AN NCS ALBUM PREMIERE (AND A REVIEW): CIRCLE OF SIGHS — “NARCI”
This coming Friday, June 4th, Metal Assault Records will release Narci, the second album by the anonymous international collective known as Circle of Sighs, and today we bring you a full stream of all its wonders — and the wonders are indeed manifold.
“Progressive-synth-doom” is a label you might have seen for their constantly surprising music, but that barely scratches the surface. More revealing are the PR characterizations which drop references to glitch-pop, prog rock, dark jazz, industrial gaze, and grindcore influences, or which remark upon the band’s exploration of “the outer reaches of metal’s avant garde”. Not for naught is the album recommended for fans of such disparate groups as Yob, Tubeway Army, Pallbearer, King Crimson, Depeche Mode, Thomas Dolby, Brian Eno, and Neurosis — and that’s not nearly an exhaustive list.
Narci is described as “a quasi-concept album about an eschatoligcal event caused by a digitally communicable mental disease.” Many of us had our first introduction to the album through the wild video released for its title track. That song is driven by an electrifying drum performance, and provides a platform for the guitars to execute a multitude of mad contortions — raking and roiling, blaring and screaming — accompanied by savage vocal proclamations. And then, without warning, the mauling, exhilarating madness ceases… and we’re delivered into a smoky jazz lounge with opium fumes in the air.
But the title track is just the tip of a surrealistic iceberg. Or perhaps it’s better to say that it’s the middle of the iceberg, since it appears sixth in the eight-song running order. The idiosyncrasies of the album are quite evident by that point.
For example, the band choose to open the record with its longest track, the 10-minute “Spectral Arms“, whose acoustic picking and beautiful vocals might remind at times of Crosby Stills & Nash in their hey-day, but evolves along a twisting path that brings in head-moving percussive combinations, heavy distorted chords, beguiling piano melodies, distant detonations, warm and enticing bass lines, scything riffage, chilling whispers, and frightening growls.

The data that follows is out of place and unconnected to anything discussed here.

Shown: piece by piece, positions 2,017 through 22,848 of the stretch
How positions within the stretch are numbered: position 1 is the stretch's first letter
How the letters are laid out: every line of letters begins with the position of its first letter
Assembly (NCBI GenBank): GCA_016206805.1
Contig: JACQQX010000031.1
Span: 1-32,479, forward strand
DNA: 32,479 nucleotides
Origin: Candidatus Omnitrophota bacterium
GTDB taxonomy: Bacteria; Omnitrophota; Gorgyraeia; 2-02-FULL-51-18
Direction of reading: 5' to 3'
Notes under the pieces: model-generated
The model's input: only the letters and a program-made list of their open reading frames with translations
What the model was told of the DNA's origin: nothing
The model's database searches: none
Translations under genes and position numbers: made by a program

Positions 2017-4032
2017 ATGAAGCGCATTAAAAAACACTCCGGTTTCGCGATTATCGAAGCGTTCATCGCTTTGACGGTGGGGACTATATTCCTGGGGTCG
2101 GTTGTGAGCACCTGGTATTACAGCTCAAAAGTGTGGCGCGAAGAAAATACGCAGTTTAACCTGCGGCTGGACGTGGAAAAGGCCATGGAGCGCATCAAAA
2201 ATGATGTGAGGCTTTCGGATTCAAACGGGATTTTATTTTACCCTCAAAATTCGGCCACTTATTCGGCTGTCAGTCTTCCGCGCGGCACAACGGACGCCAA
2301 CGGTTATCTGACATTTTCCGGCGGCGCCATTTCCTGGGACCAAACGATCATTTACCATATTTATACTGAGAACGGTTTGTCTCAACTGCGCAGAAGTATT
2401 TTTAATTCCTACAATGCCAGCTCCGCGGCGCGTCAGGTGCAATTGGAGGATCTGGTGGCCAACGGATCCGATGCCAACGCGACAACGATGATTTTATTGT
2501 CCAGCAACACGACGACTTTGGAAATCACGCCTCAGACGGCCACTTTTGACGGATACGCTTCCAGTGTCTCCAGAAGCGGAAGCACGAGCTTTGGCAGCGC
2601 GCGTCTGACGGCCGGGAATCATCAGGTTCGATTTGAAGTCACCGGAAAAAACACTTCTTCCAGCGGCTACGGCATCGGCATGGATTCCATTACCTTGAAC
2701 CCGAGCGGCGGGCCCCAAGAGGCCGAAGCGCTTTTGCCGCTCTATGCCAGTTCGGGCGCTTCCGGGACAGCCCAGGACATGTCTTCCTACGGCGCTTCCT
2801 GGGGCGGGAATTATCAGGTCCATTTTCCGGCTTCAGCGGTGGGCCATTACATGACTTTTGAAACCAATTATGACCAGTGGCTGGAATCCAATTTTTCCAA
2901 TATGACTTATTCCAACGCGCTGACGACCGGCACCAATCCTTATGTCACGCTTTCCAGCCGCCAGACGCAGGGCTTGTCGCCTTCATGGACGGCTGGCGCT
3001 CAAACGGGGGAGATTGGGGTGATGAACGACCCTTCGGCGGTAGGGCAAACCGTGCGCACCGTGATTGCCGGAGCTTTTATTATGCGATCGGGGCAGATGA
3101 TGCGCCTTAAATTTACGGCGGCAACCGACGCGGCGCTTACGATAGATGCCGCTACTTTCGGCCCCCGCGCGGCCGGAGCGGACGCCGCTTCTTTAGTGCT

That big opening track is mesmerizing, and also heavy, haunting, and ultimately frightening — and it’s just a hint of all the head-spinning permutations to come.
Those preceding references to glitch-pop and prog rock are borne out by the compulsively muscle-twitching and dark-shadowed “We Need Legends”. Industrialized electronics, bouncing beats, and seductive singing highlight “A Crystal Crown of Cosmic Pain”, and by now it should come as no shock that Circle of Sighs would choose to insert a hallucinatory, atmospheric cover of Joni Mitchell’s “Roses Blue” — which also includes oppressive, bone-mangling chords and cauterizing shrieks.
Further track-specific summaries might become tedious, and would inevitably involve even more spoilers. Perhaps it’s better to simply let you experience all the strange and often confounding wonders for yourself. But we strongly urge you to do that, and to begin at the beginning, and allow yourself to be carried forward to the end, without interruption.
CIRCLE OF SIGHS:
The Tubeway Army ref is spot on and this album is bloody fantastic!
That name was a new one for me, and now on my list of things to explore.
I don’t know what I was expecting, but this blew any ideas I had about what I was going to hear out of the water. Very cool stuff!